Collective Collapse or Resilience?
When the pandemic reached its cities, Europe was already under severe internal and external stress. By throwing the continent and the world into an unprecedented economic crisis while security challenges abound, the pandemic has exposed Europe to a risk of irreversible loss of capacity for collective action, hampering its influence and control over its regional areas of interest.
One year after the start of the COVID-19 pandemic in Europe, this report provides a comparative assessment of its impact on the foreign and defense policies and spending levels of ten different European countries. It not only aims at assessing the immediate impact of the pandemic on the defense posture of each country but more importantly at mapping in which areas the pandemic did or might prove disruptive for European defense priorities, whether directly or indirectly. Although uncertainty remains about the long-term effects of the current crisis, the different case studies highlight that, contrary to the most pessimistic scenarios, the pandemic has so far had a relatively modest impact on defense and security policies.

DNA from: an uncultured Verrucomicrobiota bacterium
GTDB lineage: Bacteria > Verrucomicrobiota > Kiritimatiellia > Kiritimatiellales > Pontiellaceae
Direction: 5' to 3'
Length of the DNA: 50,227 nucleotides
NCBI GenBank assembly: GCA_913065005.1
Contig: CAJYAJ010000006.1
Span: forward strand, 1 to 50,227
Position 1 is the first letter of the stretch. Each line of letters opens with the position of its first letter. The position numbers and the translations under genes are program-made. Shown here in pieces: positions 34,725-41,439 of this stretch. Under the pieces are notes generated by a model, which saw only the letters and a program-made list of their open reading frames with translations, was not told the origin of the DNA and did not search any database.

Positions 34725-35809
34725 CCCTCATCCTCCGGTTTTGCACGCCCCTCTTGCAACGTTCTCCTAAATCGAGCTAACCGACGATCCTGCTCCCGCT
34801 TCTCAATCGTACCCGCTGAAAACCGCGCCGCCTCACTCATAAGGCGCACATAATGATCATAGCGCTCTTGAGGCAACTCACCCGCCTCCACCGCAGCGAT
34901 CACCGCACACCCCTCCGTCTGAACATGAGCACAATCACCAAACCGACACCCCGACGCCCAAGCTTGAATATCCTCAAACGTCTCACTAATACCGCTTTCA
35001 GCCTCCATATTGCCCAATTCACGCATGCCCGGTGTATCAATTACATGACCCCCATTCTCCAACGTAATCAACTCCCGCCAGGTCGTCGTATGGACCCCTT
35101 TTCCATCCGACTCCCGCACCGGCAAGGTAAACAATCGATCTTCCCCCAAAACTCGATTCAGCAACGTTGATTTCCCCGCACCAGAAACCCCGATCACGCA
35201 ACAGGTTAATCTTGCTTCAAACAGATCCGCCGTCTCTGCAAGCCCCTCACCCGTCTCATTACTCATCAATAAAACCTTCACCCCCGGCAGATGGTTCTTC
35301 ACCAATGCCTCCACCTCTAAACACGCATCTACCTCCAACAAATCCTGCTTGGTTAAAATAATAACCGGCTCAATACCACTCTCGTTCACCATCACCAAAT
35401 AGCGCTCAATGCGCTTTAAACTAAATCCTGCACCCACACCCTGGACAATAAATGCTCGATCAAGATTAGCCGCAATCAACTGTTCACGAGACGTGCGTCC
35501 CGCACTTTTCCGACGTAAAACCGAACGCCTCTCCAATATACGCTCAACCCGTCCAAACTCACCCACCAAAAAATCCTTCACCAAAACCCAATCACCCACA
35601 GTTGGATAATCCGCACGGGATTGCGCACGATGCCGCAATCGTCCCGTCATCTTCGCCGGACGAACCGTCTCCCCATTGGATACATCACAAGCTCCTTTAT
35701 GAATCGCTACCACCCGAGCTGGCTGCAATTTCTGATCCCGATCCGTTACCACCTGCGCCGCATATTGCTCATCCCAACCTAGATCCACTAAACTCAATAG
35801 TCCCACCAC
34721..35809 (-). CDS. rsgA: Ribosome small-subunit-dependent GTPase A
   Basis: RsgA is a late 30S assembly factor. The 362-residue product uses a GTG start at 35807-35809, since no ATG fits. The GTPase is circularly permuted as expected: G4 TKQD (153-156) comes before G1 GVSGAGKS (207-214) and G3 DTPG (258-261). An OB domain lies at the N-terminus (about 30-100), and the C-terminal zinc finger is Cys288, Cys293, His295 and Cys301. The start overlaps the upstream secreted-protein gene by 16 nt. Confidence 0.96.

Monitored European countries have so far shown resilience in their individual and collective responses to the crisis. If anything, changes brought by the pandemic are less striking than the continuity observed in most cases when it comes to foreign and defense policies, from stated levels of ambition to defense spending plans. It is, however, unclear how enduring this resilience can prove in the longer-term in the face of disruptive developments such as new variants of the virus, sweeping domestic political developments in Europe, radical changes in the US commitment to European security, or an intensified strategic competition in Europe’s neighborhood and beyond it.
Please note: The following chapter on Germany originally appeared in Ifri's Focus stratégique, No. 103, in February 2021. The online version of the text does not contain footnotes. To see the citations, please download the PDF version here.
Germany- Analyzing a moving target
Any analysis of COVID-19 effects on German defense can only be a snapshot of an evolving situation. When this analysis was written, the pandemic was still ongoing and new restrictions had been imposed. Its duration, its economic, social and political consequences, but also the way national governments, the EU and international actors react will define its long-term impact.